Aussie convicts safer thanks to Havant company

ALARMED Wolston Correctional Centre
ALARMED Wolston Correctional Centre
Mutiny Festival brought over �2m to the local economy Picture: Paul Windsor

Mutiny Festival brings £2.7m into Portsmouth economy

0
Have your say

TWO prisons in Australia are now safer thanks to fire alarm systems from a Havant company.

Apollo fire detection equipment has been installed in Brisbane Women’s Correctional Centre and Wolston Correctional Centre, next door to each other in Wacol in Queensland.

Because of the nature of the two facilities, the new fire alarms had to be installed during a six-month phased process.

And extra care also had to be made to try to ensure the chances of a false alarm being triggered are very low.

The Apollo products were installed by Australia-based company Dayshelf Fire Systems.

Adam Lansdown at Dayshelf said: ‘A false alarm at this facility could be dangerous, so the client needed to be confident that the chosen fire detection was reliable and accurate.’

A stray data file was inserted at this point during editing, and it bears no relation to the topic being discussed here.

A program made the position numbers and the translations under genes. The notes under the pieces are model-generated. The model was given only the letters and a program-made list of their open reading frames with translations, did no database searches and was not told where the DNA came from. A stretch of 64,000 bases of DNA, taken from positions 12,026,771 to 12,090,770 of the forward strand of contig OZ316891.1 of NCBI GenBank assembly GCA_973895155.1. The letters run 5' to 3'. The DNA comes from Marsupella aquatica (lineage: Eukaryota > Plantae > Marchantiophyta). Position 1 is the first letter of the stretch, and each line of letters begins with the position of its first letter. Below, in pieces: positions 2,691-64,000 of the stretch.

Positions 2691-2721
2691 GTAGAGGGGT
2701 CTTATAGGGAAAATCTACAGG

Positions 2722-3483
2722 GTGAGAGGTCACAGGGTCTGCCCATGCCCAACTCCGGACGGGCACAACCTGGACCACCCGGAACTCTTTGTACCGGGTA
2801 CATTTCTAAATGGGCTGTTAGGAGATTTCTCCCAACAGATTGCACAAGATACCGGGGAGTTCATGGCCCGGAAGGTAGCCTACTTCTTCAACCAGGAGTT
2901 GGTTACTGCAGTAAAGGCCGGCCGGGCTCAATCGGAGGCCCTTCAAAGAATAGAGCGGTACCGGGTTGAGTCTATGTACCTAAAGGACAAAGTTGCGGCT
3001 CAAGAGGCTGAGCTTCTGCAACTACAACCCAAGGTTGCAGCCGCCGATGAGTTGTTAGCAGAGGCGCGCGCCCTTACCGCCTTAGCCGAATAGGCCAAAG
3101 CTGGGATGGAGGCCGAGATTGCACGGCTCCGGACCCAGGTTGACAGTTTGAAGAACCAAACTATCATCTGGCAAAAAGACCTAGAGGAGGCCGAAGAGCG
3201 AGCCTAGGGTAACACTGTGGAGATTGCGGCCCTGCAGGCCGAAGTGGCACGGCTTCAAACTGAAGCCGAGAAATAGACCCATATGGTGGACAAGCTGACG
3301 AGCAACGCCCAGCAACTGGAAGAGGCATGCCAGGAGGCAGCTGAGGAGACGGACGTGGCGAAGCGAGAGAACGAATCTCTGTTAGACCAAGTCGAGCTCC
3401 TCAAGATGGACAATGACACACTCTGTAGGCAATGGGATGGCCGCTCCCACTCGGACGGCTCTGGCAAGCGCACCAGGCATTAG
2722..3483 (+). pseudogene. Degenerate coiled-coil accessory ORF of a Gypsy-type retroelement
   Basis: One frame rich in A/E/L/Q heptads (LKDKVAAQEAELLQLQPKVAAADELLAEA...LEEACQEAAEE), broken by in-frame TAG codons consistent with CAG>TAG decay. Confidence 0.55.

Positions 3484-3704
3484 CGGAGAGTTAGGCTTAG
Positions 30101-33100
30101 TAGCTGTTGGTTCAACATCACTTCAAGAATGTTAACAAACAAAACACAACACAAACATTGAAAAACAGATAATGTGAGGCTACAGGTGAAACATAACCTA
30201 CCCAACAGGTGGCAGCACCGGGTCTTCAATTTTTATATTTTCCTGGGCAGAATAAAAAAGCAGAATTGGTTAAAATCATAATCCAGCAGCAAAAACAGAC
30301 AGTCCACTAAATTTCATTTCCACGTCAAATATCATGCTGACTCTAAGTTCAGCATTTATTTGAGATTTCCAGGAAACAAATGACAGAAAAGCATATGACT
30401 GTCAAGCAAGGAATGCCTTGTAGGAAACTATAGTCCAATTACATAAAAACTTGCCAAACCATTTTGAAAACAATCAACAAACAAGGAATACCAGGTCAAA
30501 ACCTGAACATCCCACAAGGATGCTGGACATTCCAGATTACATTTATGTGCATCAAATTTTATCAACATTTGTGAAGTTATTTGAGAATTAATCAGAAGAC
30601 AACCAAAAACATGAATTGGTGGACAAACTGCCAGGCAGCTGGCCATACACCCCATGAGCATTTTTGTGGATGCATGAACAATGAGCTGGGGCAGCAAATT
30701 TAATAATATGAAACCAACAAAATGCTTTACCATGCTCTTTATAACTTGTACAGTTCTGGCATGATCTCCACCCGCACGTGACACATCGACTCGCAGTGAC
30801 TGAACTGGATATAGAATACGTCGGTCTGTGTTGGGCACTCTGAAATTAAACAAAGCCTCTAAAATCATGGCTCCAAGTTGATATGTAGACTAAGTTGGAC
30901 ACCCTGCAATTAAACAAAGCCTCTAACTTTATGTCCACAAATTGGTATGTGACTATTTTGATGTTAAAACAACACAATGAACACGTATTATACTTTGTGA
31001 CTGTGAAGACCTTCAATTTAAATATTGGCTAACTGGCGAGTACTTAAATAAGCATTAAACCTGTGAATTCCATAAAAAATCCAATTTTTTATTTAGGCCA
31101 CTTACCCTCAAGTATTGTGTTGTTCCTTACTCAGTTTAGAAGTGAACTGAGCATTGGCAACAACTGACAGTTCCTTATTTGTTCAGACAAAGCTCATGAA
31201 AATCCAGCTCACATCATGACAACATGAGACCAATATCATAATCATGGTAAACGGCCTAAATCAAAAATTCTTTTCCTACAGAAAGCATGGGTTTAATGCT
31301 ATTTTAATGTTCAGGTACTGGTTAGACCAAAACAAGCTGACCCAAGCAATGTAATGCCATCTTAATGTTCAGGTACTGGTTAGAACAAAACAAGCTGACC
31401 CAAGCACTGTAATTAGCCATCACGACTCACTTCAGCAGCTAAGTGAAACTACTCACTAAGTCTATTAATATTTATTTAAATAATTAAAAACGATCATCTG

The company says it has the largest share of the Gold Coast fire protection market, and uses Apollo products 95 per cent of the time.

Ampac, who have been representing Apollo in Australia since 1993, were responsible for designing and supplying the system.

Brisbane Women’s Correctional Centre is the only assessment and placement centre for female prisoners in South East Queensland.

The centre accommodates up to 258 prisoners across two accommodation areas – secure and residential cells.

The Women’s Correctional Centre includes a purpose-built area that can accommodate those women who have been approved to have their children live with them in custody.

Adjacent is Wolston Correctional Centre, which houses 600 male inmates.

Apollo’s system means that when an alert sounds, the area the alert is from can be pinpointed and an evacuation avoided if it is a false alarm.